“With malice toward none; with charity for all; with firmness in the right, as God gives us to see the right, let us strive on to finish the work we are in; to bind up the nation’s wounds…. ”
– Abraham Lincoln
Abraham Lincoln was born Feb 12, 1809, in a single-room log cabin, Hardin County, Kentucky. His family upbringing was modest; his parents from Virginia were neither wealthy or well known. At an early age, the young Abraham lost his mother, and his father moved away to Indiana. Abraham had to work hard splitting logs and other manual labour. But, he also had a thirst for knowledge and worked very hard to excel in his studies. This led him to become self-trained as a lawyer. He spent eight years working on the Illinois court circuit; his ambition, drive, and capacity for hard work were evident to all around him. Lincoln became respected on the legal circuit and he gained the nickname ‘Honest Abe.’ He often encouraged neighbours to mediate their own conflicts rather than pursue full legal litigation. Lincoln also had a good sense of humour and was deprecating about his looks.
“If I were two-faced, would I be wearing this one?”
Work colleagues and friends noted that Lincoln had a capacity to defuse tense and argumentative situations, though the use of humour and his capacity to take an optimistic view of human nature. He loved to tell stories to illustrate a serious point through the use of humour and parables.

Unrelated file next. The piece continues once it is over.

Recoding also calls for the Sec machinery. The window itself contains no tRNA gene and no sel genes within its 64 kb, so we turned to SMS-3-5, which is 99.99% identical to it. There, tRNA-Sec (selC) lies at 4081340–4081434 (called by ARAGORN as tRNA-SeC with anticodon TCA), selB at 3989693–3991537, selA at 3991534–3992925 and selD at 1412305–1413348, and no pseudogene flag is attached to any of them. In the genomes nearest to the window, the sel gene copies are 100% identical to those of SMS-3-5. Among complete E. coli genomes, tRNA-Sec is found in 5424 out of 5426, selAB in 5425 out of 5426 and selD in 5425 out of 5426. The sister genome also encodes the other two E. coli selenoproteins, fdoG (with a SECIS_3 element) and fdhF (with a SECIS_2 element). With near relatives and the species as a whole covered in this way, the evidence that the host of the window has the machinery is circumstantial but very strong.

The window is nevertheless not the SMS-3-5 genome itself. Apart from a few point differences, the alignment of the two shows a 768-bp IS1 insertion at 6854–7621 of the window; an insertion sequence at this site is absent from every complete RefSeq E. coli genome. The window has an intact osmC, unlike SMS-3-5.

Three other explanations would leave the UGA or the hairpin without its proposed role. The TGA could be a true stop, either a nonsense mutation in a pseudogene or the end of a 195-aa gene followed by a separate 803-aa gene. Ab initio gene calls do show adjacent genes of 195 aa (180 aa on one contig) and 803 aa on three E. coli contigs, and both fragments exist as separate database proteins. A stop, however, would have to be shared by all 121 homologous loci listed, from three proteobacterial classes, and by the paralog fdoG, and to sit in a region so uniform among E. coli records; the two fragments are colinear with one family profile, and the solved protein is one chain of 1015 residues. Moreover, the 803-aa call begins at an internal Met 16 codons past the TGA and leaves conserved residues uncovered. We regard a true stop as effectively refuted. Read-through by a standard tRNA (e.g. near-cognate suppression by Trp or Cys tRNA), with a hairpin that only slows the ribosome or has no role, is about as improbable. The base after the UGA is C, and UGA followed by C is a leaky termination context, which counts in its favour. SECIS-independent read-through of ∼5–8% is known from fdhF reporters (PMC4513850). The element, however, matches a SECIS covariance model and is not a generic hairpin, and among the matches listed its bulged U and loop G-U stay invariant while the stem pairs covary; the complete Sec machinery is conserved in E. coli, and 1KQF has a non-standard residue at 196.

Lincoln was shy around women but after a difficult courtship, he married Mary Todd in 1842. Mary Todd shared many of her husband’s political thinking but they also had different temperaments – with Mary more prone to swings in her emotions. They had four children, who Lincoln was devoted to. Although three died before reaching maturity – which caused much grief to both parents.
As a lawyer, Abraham developed a capacity for quick thinking and oratory. His interest in public issues encouraged him to stand for public office. In 1847, he was elected to the House of Representatives for Illinois and served from 1847-49. During his period in Congress, Lincoln criticised President Folk’s handling of the American-Mexican War, arguing Polk used patriotism and military glory to defend the unjust action of taking Mexican territory. However, Lincoln’s stance was politically unpopular and he was not re-elected.